NSAIDs, short for non-steroidal anti-inflammatory drugs, are among the most commonly used medications in the United States 4. Available in prescription strength and over-the-counter, NSAIDs reduce inflammation and pain by interfering with your body's production of chemicals called prostaglandins. Some of the most commonly used NSAIDs include aspirin, ibuprofen, naproxen, ketoprofen and celecoxib. Although effective for a variety of conditions, ranging from arthritis to headaches, taking too many NSAIDs may increase your risk of serious medical problems, some of which may be life-threatening.
If you are experiencing serious medical symptoms, seek emergency treatment immediately.
NSAIDs are a common cause of ulcers, also known as peptic ulcer disease 2. Your stomach is the most likely site for an NSAID-induced ulcer to develop. Less commonly, the first part of your intestine, called the duodenum, may be affected. Your risk of developing an NSAID-related ulcer depends on how often you take NSAIDs, the dosage, how long you have been taking NSAIDs and whether you have other risk factors for peptic ulcer disease. Heavy alcohol use, smoking, taking a combination of NSAIDs and a past history of ulcers increase your risk of developing an NSAID-induced ulcer. Symptoms you may experience with a peptic ulcer include:
- dull or burning pain in your upper abdomen when your stomach is empty
- reduced appetite
- frequent belching
An ulcer caused by NSAID use may erode into a blood vessel in your stomach or intestine, leading to gastrointestinal bleeding. Symptoms and signs to look for include sharp, persistent stomach pain, vomiting blood and black stools. With prolonged or severe bleeding, you may develop weakness, paleness and loss of energy. Importantly, gastrointestinal bleeding may not cause obvious signs or symptoms. Take NSAIDs in the lowest, effective dose possible and limit the length of time you take them to reduce your risk of gastrointestinal bleeding. Talk with your doctor if you take NSAIDs for a chronic condition, such as arthritis, to determine the safest option for you.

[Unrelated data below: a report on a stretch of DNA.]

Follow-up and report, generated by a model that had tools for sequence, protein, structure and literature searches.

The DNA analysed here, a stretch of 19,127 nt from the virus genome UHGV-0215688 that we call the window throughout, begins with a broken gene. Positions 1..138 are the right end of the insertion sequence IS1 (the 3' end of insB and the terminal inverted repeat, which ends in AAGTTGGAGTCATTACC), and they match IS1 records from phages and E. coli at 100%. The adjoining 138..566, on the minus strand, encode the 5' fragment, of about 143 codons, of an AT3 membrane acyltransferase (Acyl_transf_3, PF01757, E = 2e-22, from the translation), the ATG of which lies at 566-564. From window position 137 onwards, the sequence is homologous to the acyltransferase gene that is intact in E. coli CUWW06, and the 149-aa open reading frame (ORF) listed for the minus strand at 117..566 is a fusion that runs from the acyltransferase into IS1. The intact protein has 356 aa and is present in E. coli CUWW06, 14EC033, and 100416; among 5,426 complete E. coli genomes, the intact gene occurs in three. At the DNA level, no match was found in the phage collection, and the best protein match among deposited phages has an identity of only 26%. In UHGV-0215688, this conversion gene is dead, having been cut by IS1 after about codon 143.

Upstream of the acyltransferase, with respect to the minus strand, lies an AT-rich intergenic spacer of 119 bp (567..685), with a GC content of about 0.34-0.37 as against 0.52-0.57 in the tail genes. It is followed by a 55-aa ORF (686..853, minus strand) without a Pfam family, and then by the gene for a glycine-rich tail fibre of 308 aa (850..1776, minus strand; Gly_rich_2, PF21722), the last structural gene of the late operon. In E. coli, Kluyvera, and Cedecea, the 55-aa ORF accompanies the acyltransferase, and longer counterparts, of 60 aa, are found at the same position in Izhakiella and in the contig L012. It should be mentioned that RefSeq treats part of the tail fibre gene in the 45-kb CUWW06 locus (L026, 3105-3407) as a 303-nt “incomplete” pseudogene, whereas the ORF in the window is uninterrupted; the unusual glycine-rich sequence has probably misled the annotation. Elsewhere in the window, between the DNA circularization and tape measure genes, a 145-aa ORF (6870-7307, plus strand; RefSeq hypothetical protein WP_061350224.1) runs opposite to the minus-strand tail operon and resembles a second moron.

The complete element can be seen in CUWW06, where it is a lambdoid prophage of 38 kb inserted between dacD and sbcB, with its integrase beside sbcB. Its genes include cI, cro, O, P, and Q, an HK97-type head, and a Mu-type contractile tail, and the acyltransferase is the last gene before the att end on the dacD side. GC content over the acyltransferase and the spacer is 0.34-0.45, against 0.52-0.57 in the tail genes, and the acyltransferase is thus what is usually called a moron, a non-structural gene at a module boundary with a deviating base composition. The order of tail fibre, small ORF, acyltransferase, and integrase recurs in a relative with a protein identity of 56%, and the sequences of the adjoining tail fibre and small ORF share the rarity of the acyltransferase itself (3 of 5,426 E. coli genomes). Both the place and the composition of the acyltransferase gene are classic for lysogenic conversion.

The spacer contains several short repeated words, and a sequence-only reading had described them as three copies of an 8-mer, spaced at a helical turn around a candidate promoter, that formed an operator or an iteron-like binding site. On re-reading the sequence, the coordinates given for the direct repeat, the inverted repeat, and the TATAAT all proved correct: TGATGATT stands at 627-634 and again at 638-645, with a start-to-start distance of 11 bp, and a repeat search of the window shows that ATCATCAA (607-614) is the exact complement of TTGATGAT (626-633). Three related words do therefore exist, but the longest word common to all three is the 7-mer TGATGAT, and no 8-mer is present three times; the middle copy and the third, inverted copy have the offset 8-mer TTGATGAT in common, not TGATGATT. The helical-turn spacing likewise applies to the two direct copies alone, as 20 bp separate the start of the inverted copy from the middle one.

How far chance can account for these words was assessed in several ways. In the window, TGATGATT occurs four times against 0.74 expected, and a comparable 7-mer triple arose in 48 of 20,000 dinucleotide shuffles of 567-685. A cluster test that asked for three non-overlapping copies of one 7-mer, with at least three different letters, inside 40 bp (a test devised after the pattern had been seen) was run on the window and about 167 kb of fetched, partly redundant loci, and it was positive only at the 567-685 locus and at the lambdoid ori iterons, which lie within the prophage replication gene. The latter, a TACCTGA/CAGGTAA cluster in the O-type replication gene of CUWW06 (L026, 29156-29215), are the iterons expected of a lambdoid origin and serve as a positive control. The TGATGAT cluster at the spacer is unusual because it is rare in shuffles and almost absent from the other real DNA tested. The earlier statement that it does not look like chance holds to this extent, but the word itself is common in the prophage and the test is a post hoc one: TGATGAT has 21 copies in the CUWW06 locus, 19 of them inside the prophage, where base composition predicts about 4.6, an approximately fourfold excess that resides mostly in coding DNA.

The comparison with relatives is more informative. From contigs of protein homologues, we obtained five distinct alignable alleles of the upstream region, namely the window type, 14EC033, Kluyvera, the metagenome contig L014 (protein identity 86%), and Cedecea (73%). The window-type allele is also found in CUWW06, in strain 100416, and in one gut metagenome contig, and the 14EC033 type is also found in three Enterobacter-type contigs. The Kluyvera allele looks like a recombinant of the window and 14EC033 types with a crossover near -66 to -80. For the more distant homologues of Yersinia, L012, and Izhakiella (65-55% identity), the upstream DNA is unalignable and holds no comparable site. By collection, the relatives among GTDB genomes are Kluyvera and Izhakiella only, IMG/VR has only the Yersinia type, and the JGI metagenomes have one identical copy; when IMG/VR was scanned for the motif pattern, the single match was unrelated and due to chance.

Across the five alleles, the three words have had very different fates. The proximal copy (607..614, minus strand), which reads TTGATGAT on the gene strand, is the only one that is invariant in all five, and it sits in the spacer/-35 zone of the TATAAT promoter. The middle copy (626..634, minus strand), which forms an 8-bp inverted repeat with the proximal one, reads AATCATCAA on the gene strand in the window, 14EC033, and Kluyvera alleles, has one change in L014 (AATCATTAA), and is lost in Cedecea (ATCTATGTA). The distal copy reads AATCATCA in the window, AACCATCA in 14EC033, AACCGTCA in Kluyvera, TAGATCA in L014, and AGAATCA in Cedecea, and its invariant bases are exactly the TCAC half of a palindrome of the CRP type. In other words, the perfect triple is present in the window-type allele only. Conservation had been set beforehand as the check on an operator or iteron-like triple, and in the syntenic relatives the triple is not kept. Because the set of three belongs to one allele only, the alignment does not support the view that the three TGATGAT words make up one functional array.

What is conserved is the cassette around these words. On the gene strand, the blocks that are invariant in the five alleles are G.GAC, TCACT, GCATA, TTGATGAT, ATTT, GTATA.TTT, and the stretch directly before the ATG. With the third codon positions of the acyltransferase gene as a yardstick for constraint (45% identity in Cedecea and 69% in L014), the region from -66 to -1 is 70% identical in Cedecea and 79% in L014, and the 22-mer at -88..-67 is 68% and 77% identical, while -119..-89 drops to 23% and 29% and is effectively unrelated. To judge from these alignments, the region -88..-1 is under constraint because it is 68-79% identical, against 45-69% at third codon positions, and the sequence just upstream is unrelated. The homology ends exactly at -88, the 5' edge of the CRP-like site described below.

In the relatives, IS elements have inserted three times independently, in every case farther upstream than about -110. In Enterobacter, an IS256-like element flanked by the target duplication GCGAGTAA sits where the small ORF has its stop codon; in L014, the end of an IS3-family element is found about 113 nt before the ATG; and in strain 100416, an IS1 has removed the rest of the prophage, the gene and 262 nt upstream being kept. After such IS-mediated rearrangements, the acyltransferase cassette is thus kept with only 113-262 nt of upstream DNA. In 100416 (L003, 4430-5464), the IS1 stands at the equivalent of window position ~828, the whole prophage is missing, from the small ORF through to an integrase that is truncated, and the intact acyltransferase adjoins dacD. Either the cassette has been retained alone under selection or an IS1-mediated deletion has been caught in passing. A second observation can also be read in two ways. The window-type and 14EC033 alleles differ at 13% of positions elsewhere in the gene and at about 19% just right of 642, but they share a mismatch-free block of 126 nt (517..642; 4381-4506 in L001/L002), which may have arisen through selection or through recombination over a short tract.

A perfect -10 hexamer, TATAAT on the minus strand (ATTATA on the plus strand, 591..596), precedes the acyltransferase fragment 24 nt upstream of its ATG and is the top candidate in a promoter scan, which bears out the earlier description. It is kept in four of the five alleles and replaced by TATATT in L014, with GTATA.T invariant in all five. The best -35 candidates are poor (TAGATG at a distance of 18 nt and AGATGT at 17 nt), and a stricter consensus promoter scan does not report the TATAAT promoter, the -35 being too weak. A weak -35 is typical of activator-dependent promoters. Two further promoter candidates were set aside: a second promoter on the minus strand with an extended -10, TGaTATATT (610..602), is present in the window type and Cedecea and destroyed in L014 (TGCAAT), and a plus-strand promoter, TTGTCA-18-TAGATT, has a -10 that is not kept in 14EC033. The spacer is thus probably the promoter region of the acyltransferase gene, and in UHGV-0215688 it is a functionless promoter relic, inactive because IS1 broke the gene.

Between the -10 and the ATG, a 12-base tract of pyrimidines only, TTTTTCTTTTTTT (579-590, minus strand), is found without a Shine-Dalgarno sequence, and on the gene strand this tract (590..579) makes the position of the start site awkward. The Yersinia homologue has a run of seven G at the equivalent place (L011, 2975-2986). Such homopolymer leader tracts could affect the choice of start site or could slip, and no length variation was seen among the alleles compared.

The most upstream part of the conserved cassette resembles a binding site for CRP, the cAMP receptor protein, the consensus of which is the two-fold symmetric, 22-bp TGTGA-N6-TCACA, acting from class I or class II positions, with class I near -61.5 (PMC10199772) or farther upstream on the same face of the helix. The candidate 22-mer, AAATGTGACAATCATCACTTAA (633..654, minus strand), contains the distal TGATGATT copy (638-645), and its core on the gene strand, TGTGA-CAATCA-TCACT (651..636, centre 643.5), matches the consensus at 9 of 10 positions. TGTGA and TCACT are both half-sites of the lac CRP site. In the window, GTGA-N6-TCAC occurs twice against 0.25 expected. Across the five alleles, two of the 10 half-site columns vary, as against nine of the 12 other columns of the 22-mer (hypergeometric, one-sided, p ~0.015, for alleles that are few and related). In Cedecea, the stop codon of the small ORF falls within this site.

Heart Attack and Stroke
NSAIDs may increase your risk of having a heart attack or stroke, especially if you have preexisting heart disease. These drugs may increase your blood pressure and contribute to the progression of atherosclerosis, a condition in which your arteries become clogged and blood flow to your heart and brain are reduced. In a January 2011 article published in the medical journal "BMJ," Drs. Sven Trelle and colleagues report that all NSAIDs increase the risk of heart attack and stroke, including ibuprofen. The U.S. Food and Drug Administration requires that all prescription NSAIDs carry a warning about the potential for increased risk of heart attack, stroke and gastrointestinal bleeding associated with use of these drugs 4.
Taking too many NSAIDs can cause sudden kidney failure or chronic kidney disease. With acute kidney failure, discontinuation of the offending NSAID usually leads to recovery of kidney function. A more subtle form of chronic kidney disease called chronic interstitial nephritis can develop if you take NSAIDs regularly for many years. This condition most often occurs in people taking high doses of NSAIDs for chronic pain. NSAIDs are particularly dangerous if you have preexisting kidney disease.
A more subtle form of chronic kidney disease called chronic interstitial nephritis can develop if you take NSAIDs regularly for many years. NSAIDs are particularly dangerous if you have preexisting kidney disease. This condition most often occurs in people taking high doses of NSAIDs for chronic pain.
- American Academy of Orthopaedic Surgeons: What are NSAIDs?
- National Institute of Diabetes and Digestive and Kidney Diseases: NSAIDs and Peptic Ulcers
- American College of Gastroenterology: The Dangers of Aspirin and NSAIDs
- U.S. Food and Drug Administration: Medication Guide for Nonsteroidal Anti-Inflammatory Drugs (NSAIDs)
- "BMJ"; Cardiovascular Safety of Non-Steroidal Anti-Inflammatory Drugs: Network Meta-Analysis; Sven Trelle, M.D., et al.; January 2011
- National Kidney Foundation: Pain Medicines (Analgesics)
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